Don’t just discard your sourdough starter! Use that unfed starter in a new recipe. Here are some of the best.
So you have gotten into bread baking, then sourdough baking, and every day you dutifully feed that little jar its mix of flour and water. But in order to keep the right balance, you have to throw out a portion of the starter every time. If you are a natural lover of baking, you are probably a somewhat frugal soul, and throwing food in the trash is just not for you. I get it.
First of all, let me say that it IS important to discard a portion of your starter regularly. If you are keeping your starter on the counter like I recommend, there’s a lot of it. So if you don’t want to make one of these recipes, just give yourself permission to throw it in the trash. It’s like thinning the plants in your garden. Painful, but necessary. If you don’t do it, the whole effort will be wasted.
Why you need these recipes
But if you have a collection of recipes made with sourdough discard, it becomes much easier to really discard your starter on schedule.
In most of these recipes, the sourdough discard is simply for flavor. An unfed starter will not make a baked good rise. But it will add a great tangy flavor, almost like using buttermilk. Just keep in mind you’ll still need baking soda or yeast for these recipes.
Any time you work with a starter, you’ll want to see if the recipe states what consistency the starter should be. The most common is a 100% hydration starter, which just means equal parts flour and water.
1. Sourdough waffles
These are my favorite sourdough discard waffles because there is no overnight rise or anything else complicated. You mix, you pour into waffle maker, you eat. Don’t worry about a sour flavor, it is barely noticeable, especially when they are covered in butter and maple syrup. (As they should be!)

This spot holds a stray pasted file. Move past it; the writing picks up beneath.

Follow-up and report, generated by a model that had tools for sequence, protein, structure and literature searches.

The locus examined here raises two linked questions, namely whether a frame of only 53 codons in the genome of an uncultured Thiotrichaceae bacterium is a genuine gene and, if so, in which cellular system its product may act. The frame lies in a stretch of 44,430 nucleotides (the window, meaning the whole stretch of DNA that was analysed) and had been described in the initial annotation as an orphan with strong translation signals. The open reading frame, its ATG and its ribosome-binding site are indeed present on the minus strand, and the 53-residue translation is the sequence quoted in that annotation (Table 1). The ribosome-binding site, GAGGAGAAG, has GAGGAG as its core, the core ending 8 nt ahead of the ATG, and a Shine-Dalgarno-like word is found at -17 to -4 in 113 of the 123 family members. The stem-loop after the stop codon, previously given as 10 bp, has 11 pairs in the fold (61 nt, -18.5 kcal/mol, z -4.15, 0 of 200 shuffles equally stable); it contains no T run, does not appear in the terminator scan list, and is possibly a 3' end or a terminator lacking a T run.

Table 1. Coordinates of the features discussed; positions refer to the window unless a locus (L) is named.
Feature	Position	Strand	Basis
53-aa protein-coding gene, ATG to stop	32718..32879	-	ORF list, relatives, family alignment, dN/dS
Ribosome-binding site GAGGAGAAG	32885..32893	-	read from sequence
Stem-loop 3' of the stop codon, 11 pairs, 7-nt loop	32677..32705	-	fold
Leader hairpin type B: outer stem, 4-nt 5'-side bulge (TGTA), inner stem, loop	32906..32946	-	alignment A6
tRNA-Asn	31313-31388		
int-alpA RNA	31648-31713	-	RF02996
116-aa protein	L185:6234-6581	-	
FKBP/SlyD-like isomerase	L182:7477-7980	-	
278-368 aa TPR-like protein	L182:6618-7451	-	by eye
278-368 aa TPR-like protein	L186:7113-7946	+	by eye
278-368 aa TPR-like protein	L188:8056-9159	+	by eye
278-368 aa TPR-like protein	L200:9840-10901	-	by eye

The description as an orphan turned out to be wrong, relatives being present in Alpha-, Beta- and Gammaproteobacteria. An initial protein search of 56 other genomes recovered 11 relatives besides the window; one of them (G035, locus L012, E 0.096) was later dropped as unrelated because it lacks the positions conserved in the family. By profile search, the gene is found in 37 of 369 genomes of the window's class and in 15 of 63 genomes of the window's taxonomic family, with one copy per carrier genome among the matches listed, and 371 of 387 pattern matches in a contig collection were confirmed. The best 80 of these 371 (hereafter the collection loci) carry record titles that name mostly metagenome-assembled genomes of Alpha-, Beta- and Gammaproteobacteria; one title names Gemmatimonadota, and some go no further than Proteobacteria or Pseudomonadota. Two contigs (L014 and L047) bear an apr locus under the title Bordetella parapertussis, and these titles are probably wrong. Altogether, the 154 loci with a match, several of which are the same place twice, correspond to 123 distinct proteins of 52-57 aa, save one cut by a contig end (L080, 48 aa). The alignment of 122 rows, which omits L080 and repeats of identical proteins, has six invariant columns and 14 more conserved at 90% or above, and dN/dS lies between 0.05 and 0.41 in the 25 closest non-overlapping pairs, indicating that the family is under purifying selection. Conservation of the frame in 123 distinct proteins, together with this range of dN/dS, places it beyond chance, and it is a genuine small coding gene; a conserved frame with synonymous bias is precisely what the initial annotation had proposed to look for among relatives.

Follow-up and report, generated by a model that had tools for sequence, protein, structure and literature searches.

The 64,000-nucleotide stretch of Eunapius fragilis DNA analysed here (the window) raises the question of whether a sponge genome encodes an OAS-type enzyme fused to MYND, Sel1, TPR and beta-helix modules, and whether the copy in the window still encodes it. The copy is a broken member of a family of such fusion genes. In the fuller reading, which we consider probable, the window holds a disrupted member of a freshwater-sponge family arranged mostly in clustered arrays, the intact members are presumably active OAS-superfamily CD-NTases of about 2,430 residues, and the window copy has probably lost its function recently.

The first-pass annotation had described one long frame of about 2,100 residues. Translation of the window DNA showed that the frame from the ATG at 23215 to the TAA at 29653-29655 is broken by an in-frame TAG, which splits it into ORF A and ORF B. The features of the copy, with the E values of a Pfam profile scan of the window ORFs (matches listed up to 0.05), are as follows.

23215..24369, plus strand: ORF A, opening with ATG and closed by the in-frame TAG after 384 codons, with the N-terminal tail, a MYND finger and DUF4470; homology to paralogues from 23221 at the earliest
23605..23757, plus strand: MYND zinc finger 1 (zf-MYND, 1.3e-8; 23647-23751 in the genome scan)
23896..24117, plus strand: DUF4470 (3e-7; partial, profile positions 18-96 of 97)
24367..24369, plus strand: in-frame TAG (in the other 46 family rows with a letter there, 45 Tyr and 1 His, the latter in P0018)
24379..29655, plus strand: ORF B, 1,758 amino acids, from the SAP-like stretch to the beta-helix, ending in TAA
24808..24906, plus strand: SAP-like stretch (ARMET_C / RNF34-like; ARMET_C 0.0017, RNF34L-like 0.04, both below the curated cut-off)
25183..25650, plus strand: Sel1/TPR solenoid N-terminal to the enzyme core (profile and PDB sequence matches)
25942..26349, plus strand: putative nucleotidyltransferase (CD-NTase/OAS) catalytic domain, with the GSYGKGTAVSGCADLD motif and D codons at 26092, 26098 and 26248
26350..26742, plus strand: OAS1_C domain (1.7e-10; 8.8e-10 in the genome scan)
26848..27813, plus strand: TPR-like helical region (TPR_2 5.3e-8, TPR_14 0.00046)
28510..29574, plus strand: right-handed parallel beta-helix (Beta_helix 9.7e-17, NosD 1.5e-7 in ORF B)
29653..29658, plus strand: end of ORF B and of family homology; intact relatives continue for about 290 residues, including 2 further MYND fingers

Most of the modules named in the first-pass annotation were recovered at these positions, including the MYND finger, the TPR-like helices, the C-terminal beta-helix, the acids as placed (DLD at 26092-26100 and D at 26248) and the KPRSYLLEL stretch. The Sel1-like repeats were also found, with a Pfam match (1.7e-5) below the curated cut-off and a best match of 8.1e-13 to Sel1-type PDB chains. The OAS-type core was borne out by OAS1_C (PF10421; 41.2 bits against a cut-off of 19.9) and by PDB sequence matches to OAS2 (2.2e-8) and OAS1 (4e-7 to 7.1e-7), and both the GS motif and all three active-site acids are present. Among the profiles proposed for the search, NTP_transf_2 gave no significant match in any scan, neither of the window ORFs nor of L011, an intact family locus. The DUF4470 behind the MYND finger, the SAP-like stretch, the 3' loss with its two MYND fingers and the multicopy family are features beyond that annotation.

2. Banana Bread
Sourdough banana bread is a great thrifty baking project because it uses two ingredients that would otherwise be wasted: sourdough discard and overripe bananas. I love to bake a loaf of this and keep it in the freezer for an unexpected guest or a hectic morning.
Like most sweet sourdough recipes, there is no real noticeable sourdough taste in these. You can add blueberries to the batter, or top with a brown sugar icing if you want something sweeter.
3. Carrot cake with sourdough discard
Sourdough carrot cake might sound a little weird, but trust me on this one. This recipe is sweet, soft, and delicious. Even people who don’t like sourdough will love it. If you leave off the frosting, you can even call it a muffin if you’d like.
I serve this regularly to people as just a “normal” carrot cake and it always gets devoured.
4. Sourdough blueberry muffins
I’m noticing a real breakfast food trend here, and it makes sense. You typically discard and feed your starter in the morning, so if you have a breakfast recipe that can use it up, all the better.
I love blueberry muffins, and this sourdough muffin from King Arthur Flour is great. It uses cornmeal for a more texture. I top them with sparkling sugar for a little extra sweetness and crunch.
5. Pizza crust
Sourdough pizza crust is handy because pizza is something you can eat regularly. Whenever you just aren’t sure what to do with your starter, go ahead and mix up a batch of this dough.
This recipe can use either discard or fed starter. If you are using discard, you’ll need to add a little yeast.
6. English Muffins
These are, again, a perfect breakfast recipe. They have tons of air pockets and a great texture. They are great, of course, with just butter and jam, but we really love them with breakfast sandwiches. One of the most practical sourdough discard recipes out there.
7. Sourdough discard pancakes
This is another recipe that is mixed and cooked all in one morning, no overnight sitting or rising required. My kids love these with blueberries or (ahem) chocolate chips mixed in, and topped with whipped cream.
Crackers are a great choice to use your sourdough discard because there is no rising needed. They are flat, crispy, and tasty. To be perfectly honest, I’m not one to make my own crackers all the time, but I do love this recipe and make them every now and then
Sourdough discard crackers recipe can be found here. This recipe is tasty even when made with whole wheat flour.
This sourdough pretzel recipe can use either discard or fed sourdough starter. There is some kneading and shaping involved, so they are not a quick recipe like pancakes or waffles. But they are delicious, fun to make with kids, and can be adapted to be either sweet or savory.